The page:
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Masstown restaurant named one of Atlantic Canada’s top three in survey


MASSTOWN, N.S. —

For David “Howdy” Brown, the Double C Truck Stop is a reminder of a bygone age.

“It’s the last of the old diners where you can stop and come in and have a meal, plus it always was a top-notch place,” said Brown as he sat down for a hamburger sandwich. “There’s just not a better place to stop.”

Brown knows his roadside restaurants well, having hauled goods from the Atlantic to the Pacific, criss-crossing Canada and the U.S. in a career spanning decades.

Presently, Brown sticks to the Maritimes and was on his way to Newfoundland when he showed up at the Double C, where he finds a rare sense of community with the staff and his fellow truckers.

“The hospitality of the staff and everyone here is just awesome,” said Brown.

The Double C’s simple formula of friendly service and fresh food has earned them a spot as one of Peterbilt Atlantic’s top three diners in Atlantic Canada, between Edmunston’s Grey Rock and Aulac’s Irving Big Stop in New Brunswick, in the company's survey of Eastern Canada drivers. 

Such pride is what drives cook Karen Rector every day, as she serves up hot and fresh homestyle dishes from scrambled eggs to steaks.

Customers credited

She credits her workplace’s success to the customers-turned-friends who stop by their Hwy 4 location for daily meals.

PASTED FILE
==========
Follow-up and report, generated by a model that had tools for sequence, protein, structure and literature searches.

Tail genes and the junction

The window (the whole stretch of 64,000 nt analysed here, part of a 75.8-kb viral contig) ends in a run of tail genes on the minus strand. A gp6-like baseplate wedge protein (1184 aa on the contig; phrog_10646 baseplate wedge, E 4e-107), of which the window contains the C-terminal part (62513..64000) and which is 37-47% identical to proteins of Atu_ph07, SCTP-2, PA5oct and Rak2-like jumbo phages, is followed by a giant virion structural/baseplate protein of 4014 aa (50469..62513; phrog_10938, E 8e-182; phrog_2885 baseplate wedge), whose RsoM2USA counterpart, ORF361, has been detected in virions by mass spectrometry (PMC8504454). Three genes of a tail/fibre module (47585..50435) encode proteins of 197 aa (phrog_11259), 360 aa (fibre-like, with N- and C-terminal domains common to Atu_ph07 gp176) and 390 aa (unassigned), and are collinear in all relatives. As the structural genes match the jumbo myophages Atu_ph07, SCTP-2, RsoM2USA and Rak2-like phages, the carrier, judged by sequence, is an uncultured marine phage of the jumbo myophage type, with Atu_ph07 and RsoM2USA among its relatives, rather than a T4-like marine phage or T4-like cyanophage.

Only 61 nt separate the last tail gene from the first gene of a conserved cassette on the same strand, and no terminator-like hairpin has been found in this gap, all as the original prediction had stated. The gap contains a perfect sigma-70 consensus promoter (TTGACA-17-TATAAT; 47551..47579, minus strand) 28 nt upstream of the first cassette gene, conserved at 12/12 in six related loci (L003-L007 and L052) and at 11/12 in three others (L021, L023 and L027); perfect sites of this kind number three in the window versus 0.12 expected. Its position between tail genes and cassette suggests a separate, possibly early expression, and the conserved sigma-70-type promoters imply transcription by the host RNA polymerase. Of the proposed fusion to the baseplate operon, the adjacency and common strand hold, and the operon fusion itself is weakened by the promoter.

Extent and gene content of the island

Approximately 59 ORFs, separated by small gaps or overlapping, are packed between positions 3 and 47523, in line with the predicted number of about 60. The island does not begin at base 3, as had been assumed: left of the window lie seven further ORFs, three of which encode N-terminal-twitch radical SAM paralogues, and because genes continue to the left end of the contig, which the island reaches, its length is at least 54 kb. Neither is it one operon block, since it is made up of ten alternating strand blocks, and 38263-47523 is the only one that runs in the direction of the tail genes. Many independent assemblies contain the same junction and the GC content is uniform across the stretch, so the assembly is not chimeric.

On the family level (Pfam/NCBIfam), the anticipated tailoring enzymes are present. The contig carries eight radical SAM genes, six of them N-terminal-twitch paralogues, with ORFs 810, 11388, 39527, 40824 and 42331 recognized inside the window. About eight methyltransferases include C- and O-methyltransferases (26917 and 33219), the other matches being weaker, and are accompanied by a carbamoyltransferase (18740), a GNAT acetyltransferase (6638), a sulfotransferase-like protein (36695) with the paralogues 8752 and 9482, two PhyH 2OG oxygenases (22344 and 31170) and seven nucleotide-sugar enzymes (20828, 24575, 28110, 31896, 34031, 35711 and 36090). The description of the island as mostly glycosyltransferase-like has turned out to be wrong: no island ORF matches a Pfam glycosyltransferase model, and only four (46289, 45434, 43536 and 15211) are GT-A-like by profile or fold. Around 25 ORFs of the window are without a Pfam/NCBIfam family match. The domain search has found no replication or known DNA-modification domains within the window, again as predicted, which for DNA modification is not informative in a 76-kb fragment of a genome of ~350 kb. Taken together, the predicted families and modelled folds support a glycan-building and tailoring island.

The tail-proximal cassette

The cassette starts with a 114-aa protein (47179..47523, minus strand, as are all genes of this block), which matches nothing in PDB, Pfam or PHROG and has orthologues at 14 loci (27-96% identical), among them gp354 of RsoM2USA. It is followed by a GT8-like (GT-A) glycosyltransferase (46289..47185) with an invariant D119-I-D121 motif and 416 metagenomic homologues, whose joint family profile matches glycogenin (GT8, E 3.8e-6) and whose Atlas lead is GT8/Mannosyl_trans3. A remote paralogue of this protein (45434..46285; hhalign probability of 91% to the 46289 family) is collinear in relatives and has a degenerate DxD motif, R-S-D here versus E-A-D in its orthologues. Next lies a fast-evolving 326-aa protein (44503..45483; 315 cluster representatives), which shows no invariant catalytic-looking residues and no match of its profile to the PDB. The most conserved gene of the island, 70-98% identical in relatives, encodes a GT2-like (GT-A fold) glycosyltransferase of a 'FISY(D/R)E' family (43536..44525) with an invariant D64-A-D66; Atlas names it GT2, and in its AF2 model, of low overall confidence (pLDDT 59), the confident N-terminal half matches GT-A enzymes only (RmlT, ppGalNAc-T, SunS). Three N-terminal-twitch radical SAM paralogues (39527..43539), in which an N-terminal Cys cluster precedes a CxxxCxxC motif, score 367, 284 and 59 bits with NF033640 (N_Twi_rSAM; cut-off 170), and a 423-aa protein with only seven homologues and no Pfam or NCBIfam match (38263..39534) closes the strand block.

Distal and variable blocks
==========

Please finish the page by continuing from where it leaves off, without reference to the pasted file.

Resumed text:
“That’s what made us what we are today,” said Rector. “The small businesses … always get sort of run over and the bigger ones come in, but you know what? We’ll just do it every day.”

One regular customer is local Deanna Martell, who sat down for a snack of tea biscuit.

“I feel great,” she said. “It is a great place to come and it helps to up your spirits every day.”

For Debbie Cock, the Double C has become more than just a restaurant in the 21 years she has run it with her family.

“The truckers feel at home here, they’re not just customers to us,” said Cock. “Now, we’ve known them for so long, they’re part of our family. We have one truck driver who had a birthday party Sunday in Mt. Uniacke. There was a bunch of us down to see him and we saw a lot of the ones that we always have here and it’s great to see them out of our environment.”

Both Cock and her customers say the fresh food produced from scratch is what brings people back. Turkeys are cooked fresh every day and a baker comes in at 4 a.m. to make the restaurant’s own bread on-site.

Cock said some of her pastry dishes like butterscotch evoke fond childhood memories for older customers in their 70s and 80s, whose grandmothers once made it for them.

“I say it’s probably the same recipe, because it was from my husband’s great-great-grandmother and it’s made entirely from scratch.”


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